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By Susan Bisol, RN, MSN, CNOR and Rodd Bogue, CST
When instrument decontamination is decentralized in a healthcare facility,any number of variations can occur. Inadequate cleaning of blood and secretionson surgical instruments can result in retained microorganisms representingbioburden. The use of saline as a rinse agent can cause deterioration of theinstrument surfaces. Sterile water should be used to irrigate and keepinstruments free of gross soil. Corrosion, rusting and pitting occur when bloodand other debris are allowed to dry on the surgical instruments. Instrumentsthat are cannulated or have lumens can become obstructed with organic material.
Ideally, the initial cleaning of instruments should begin immediatelyfollowing the completion of the surgical procedure. This initial step isintended to occur wherever the surgical procedure is performed. When surgicaland other invasive procedures are occurring in multiple locations in ahealthcare facility, how is the central sterile (CS) processing manager able toensure that the process is consistent?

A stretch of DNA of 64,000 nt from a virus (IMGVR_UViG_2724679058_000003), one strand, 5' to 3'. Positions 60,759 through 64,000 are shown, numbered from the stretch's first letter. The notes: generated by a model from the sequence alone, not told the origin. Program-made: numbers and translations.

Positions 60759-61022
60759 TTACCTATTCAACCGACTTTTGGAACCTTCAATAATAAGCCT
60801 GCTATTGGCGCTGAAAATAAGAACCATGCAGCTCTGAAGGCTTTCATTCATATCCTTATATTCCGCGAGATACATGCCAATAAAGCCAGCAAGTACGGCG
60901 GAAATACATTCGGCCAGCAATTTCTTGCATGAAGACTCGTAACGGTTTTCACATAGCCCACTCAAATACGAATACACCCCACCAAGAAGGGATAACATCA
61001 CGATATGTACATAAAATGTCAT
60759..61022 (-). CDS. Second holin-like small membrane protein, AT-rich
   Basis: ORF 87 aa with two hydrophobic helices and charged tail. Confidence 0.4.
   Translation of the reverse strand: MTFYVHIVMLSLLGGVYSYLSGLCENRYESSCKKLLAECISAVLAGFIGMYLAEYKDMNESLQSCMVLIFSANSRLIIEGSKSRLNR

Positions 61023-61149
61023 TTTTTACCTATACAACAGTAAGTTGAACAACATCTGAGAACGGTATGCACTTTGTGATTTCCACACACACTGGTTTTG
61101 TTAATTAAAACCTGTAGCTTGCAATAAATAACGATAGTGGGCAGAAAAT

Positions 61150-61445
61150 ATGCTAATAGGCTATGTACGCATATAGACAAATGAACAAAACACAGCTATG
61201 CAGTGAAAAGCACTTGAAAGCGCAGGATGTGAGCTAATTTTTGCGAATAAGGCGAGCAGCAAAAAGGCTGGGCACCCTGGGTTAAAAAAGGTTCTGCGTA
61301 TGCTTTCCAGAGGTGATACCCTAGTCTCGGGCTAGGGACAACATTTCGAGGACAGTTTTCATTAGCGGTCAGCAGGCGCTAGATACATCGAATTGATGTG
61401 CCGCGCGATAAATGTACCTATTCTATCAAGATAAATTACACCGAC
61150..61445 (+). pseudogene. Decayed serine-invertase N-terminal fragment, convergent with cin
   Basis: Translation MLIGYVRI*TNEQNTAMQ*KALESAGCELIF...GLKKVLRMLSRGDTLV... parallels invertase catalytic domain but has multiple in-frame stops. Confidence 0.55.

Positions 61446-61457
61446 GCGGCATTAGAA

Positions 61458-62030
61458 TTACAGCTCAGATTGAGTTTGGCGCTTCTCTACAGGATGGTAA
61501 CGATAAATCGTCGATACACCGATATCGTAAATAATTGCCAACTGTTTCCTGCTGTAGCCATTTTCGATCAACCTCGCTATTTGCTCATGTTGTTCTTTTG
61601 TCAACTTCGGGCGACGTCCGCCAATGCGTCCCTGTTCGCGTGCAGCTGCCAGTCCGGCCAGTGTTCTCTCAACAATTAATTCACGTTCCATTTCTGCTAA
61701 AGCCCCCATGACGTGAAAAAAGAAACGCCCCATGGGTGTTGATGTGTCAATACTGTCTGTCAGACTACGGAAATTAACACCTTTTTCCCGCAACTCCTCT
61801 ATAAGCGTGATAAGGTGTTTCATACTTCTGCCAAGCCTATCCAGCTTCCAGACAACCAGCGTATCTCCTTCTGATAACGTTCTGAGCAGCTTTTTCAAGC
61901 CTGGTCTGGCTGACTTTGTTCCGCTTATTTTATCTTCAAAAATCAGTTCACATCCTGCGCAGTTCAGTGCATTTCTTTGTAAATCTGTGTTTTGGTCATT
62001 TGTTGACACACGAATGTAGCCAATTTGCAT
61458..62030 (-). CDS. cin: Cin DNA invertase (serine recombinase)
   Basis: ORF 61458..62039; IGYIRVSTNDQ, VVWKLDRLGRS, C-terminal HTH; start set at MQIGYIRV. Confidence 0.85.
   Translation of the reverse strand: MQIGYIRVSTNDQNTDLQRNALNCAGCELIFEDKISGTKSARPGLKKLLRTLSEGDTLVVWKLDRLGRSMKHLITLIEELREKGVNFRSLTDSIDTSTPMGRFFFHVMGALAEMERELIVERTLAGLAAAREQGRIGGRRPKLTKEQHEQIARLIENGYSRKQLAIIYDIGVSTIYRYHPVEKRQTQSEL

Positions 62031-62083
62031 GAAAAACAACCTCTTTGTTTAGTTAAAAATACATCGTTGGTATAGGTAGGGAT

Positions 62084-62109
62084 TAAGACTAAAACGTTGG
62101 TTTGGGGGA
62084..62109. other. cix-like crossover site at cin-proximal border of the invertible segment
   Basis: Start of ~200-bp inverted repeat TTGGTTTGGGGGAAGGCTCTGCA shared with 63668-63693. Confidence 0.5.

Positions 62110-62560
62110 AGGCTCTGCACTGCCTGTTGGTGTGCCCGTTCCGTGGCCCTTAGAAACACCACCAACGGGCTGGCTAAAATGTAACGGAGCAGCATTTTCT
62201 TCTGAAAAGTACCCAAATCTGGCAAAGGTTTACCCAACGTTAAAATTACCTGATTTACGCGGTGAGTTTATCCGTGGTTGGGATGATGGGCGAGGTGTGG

In the assessment and evaluation of work practices, it is common to findmultiple methods of instrument decontamination. For example, using washersterilizers in operating rooms is sometimes the first step in instrumentcleaning. In reality, instruments subjected to a washer sterilizer without firstbeing rinsed and the gross soiling removed, have baked-on protein at thecompletion of the cycle. When these instruments arrive in the CS department forinspection and assembly, they must be cleaned again -- a much more difficulttask the second time around.
This is the situation we faced in a recent assessment and reorganization ofwork practices. The hospital owned two washer disinfectors; one was located inthe CS department and the other was outside of the surgical suite in a soiledutility room. The operating room (OR) staff was using the washer sterilizers inthe sub-sterile areas to decontaminate instruments after use. The washerdisinfector in the surgical suite was unused since its location was not readilyaccessible to OR personnel. OR personnel believed they were attaining the samestandard by using washer sterilizers rather than the washer disinfector. Thepractice of nursing personnel decontaminating instrumentation at the completionof the surgical procedure also impacted room turnover and throughput in the OR.